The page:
Timing, as every investor knows, is everything. But calling the market does not only apply to business; the principle extends to acquisitions that aren’t usually considered ‘strategic’. For example, now is a very good time to fly on a private jet, buy a second-hand Rolex (but not a new one), or shop for discounted luxury goods from high-end fashion houses.
Why? Pricing of luxury goods and experiences has gone… what’s the best word? Ah, yes: bonkers.
Take fashion. Some brands and retailers still have so much excess stock built up during lockdowns that they are offloading it to the racks of discount online retailers and outlet malls, such as Bicester Village in the UK and Saks Off 5th and Nordstrom Rack in the US.
The ratio of inventory to sales for US clothing companies hit 2.18 last year, up from 1.85 a year earlier, according to Census Bureau data.
However, you might want to wait a while before investing in some new Chanel, Prada or Hermès.
They are among the super-high-end brands putting up their prices. Handbags and fragrances have risen the most.
Louis Vuitton’s Pochette has more than doubled in price from $630 to $1,290 since January 2021, points out data intelligence firm Luxurynsight.
A Chanel 2.55 bag costs nearly double what it did five years ago.
Luxury goods for savvy investors
Global economic and political factors are driving price rises – notably supply chain snarl-ups that are creating scarcity, the rising cost of raw materials and transport, currency fluctuations, and the shuttering of shops in Russia after the invasion of Ukraine. (Luxury goods outfits have to make up for those billions of lost roubles somehow.)
But there’s another reason: brands know they can get away with it because post-Covid revenge spending continues unabated.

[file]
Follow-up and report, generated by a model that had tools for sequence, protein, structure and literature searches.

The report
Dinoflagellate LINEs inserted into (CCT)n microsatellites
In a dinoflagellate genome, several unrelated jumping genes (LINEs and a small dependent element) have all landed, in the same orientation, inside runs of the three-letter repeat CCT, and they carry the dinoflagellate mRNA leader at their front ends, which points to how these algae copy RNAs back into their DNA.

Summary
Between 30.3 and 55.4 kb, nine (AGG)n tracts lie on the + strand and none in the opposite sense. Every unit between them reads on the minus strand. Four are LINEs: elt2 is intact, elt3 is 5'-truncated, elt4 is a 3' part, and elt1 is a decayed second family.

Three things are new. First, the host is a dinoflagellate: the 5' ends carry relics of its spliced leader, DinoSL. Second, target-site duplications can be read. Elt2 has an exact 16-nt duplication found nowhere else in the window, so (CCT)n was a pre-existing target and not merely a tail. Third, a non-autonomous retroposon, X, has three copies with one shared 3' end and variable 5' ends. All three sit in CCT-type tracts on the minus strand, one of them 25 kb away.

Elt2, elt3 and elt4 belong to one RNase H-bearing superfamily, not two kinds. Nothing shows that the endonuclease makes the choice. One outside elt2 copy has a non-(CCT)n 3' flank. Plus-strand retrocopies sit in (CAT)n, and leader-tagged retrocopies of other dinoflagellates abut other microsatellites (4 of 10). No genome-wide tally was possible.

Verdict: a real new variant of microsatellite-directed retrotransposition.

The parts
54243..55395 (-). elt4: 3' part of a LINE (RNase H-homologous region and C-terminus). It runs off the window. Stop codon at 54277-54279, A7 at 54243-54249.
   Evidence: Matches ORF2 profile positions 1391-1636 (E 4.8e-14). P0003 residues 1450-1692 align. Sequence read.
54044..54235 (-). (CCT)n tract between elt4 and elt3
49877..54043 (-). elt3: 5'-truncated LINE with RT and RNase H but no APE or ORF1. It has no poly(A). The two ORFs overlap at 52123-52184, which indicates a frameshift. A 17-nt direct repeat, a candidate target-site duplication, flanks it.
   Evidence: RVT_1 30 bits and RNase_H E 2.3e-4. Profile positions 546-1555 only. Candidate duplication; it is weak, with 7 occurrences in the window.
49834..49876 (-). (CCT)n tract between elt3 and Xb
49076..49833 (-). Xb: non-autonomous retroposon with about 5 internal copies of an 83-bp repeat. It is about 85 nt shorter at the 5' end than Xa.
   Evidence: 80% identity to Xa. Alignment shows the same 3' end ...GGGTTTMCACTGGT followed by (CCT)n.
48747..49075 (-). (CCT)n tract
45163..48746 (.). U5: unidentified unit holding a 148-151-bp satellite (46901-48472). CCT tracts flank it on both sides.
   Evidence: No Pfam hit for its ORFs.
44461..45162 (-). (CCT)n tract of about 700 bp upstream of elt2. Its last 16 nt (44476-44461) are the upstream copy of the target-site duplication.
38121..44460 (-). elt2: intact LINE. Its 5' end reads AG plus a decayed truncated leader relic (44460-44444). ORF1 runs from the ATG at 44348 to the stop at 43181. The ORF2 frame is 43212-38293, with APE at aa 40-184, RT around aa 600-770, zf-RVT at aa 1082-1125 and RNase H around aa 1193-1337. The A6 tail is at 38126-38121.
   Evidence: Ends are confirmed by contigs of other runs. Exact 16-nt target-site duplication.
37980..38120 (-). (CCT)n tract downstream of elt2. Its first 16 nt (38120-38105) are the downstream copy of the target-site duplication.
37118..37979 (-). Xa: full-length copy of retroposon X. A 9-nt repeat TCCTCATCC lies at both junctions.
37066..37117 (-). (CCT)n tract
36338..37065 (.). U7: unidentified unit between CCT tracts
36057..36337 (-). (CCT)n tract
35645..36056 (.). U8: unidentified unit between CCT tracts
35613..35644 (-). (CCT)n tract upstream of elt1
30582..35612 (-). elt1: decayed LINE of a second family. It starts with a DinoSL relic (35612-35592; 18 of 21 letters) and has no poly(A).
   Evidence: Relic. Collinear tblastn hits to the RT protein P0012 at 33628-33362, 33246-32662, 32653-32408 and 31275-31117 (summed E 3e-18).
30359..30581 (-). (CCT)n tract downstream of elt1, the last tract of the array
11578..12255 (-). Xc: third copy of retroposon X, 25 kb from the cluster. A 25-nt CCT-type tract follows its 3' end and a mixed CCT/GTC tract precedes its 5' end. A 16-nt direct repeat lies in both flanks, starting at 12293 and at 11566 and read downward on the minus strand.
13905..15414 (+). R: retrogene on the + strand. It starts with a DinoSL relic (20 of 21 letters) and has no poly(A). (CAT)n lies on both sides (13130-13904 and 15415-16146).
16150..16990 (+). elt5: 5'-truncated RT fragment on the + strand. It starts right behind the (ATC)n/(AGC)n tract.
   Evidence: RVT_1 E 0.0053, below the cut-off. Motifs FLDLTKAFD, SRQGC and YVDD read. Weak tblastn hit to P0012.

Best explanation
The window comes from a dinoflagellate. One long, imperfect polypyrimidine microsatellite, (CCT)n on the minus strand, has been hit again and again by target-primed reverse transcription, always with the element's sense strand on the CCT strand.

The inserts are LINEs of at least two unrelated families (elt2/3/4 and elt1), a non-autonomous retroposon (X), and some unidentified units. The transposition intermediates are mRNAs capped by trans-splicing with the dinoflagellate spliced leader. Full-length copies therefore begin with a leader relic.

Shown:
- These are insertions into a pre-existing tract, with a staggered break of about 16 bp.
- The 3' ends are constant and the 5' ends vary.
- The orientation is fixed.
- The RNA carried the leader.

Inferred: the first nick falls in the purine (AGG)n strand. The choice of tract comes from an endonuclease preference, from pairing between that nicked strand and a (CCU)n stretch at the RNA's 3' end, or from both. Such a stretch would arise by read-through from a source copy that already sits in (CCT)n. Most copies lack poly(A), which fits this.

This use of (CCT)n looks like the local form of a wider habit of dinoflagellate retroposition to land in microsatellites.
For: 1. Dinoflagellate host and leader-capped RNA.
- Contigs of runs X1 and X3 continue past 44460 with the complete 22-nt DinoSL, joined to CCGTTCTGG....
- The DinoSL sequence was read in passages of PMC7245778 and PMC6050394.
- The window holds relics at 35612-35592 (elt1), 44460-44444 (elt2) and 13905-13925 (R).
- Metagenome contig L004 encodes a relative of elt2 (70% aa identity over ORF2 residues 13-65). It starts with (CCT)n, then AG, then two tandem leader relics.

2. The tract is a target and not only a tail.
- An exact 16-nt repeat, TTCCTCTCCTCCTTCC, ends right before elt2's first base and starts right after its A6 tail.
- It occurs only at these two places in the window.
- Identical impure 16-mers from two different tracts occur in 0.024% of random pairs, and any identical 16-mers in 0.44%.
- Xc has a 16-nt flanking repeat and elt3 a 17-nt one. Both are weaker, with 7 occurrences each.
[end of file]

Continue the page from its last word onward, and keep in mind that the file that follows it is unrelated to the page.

‘Customers are shopping and they’re willing to pay more. We are not seeing price resistance,’ says Lana Todorovich, president and chief marketing officer of US department store group Neiman Marcus.
Sales of its top 20 brands were up 49 per cent last year compared with 2019.
Any money saved by savvy consumers not buying new Prada might be better invested in vintage wristwear.
The prices of pre-owned watches, which reached new heights during lockdown because many of us found it hard to resist browsing the Watchfinder.com platform when ‘working’ from home, are tumbling.
Since a peak in May 2022, when coveted models such as the Rolex Daytona and Patek Philippe Nautilus 5711 traded at three or four times their retail prices, the overall resale value of luxury watches has dropped by a quarter, according to WatchCharts, which tracks the resale prices of high-end timepieces.
Watcheco, an industry portal for used luxury watches, reports that the price of second-hand Rolex Submariners has fallen 46 per cent in the past 12 months.
Overall, more than a dozen popular brands of luxury watches have lost 20-50 per cent of their value on the secondary market.
The old adage that you never really own a Patek Philippe but merely look after it for the next generation has never seemed so apt.